I enjoyed Smote for the anguish of the narrator over whether or not to attempt a simple action, the consequences of which they chew on fiercely before having the decision taken from them. I will not pretend to understand all references made, as was the case with several stories, but the undercurrents still resonated.

Birdsong makes a recurring appearance, as does the complexity of lovers’ relationships and their misunderstandings. In And Back Again the protagonist ponders the possibility of proving their devotion by acting out the lyrics of a song despite being told clearly by the object of their affections how ridiculous they would consider such a gesture. The question hovers, who any romantic deed benefits the most.

Fears and Confessions of an Ortolan Chef had me Googling to see if this grotesque practice had any basis in reality. I was distressed to find it did. Also distressing, for similar reasons, was Spines. Although an excellent study of the compromises made in order to maintain relationships the unnecessary and casual cruelty to small creatures had me in tears.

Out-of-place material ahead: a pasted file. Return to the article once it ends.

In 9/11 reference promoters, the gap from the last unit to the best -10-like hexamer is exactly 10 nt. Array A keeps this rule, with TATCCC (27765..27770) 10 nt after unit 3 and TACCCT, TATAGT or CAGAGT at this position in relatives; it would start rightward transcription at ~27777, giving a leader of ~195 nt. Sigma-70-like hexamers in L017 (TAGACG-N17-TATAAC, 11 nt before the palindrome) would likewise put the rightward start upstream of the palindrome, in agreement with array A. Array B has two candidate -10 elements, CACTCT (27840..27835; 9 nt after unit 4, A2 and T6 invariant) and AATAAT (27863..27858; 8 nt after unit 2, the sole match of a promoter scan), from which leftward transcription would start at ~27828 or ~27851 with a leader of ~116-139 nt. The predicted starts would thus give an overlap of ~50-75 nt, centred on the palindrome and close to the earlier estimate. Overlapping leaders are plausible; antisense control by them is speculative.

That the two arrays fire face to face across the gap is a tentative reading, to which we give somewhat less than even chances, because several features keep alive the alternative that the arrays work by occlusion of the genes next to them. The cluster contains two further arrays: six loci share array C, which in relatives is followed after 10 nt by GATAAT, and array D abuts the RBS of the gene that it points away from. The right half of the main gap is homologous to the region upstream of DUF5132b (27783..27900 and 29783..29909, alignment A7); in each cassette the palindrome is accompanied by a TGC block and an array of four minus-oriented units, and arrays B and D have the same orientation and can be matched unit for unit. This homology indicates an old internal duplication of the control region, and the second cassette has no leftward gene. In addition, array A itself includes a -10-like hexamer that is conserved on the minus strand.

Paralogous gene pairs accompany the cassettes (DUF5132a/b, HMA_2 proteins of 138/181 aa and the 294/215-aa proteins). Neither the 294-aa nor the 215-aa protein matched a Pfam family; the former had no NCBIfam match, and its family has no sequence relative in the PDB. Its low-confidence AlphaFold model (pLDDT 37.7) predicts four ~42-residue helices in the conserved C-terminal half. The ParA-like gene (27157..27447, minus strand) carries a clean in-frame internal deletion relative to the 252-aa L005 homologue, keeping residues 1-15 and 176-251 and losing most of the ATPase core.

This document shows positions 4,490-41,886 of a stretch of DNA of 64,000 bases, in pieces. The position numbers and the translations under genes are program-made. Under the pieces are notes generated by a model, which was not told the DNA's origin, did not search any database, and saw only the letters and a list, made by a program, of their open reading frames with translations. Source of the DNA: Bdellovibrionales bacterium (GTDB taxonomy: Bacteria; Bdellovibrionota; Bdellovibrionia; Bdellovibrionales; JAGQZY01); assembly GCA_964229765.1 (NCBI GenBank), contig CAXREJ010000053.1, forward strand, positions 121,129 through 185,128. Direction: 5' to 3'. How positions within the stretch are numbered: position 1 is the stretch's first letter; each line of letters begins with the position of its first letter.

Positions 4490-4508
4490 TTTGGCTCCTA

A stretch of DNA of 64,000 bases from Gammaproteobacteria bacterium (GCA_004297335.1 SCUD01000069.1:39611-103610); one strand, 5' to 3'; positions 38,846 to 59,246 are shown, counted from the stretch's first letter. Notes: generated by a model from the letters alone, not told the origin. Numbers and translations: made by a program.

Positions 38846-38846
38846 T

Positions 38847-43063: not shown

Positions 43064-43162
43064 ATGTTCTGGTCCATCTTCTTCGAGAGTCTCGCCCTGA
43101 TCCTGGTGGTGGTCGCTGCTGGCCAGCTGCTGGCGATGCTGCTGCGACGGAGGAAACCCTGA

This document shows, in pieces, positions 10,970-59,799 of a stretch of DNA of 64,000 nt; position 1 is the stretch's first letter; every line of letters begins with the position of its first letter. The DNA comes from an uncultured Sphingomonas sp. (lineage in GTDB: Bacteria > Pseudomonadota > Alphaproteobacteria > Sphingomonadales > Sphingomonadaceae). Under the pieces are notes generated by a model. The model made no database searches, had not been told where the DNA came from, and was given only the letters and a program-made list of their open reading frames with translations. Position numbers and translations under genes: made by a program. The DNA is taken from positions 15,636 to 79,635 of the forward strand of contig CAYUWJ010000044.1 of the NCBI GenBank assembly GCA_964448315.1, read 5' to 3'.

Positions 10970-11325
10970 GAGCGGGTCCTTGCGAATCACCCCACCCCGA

Platform considers a stranger inadvertently captured in a photograph during a moment missed by the narrator at the time due to their own concerns. It is a reminder that the whole world turns wherever we are with our own lives.

These stories offer much to contemplate alongside the original plot arcs and feats of expression. The moments of quiet brutality left me raw with their honesty, but this was a worthwhile read.

My copy of this book was provided gratis by the publisher, Influx Press.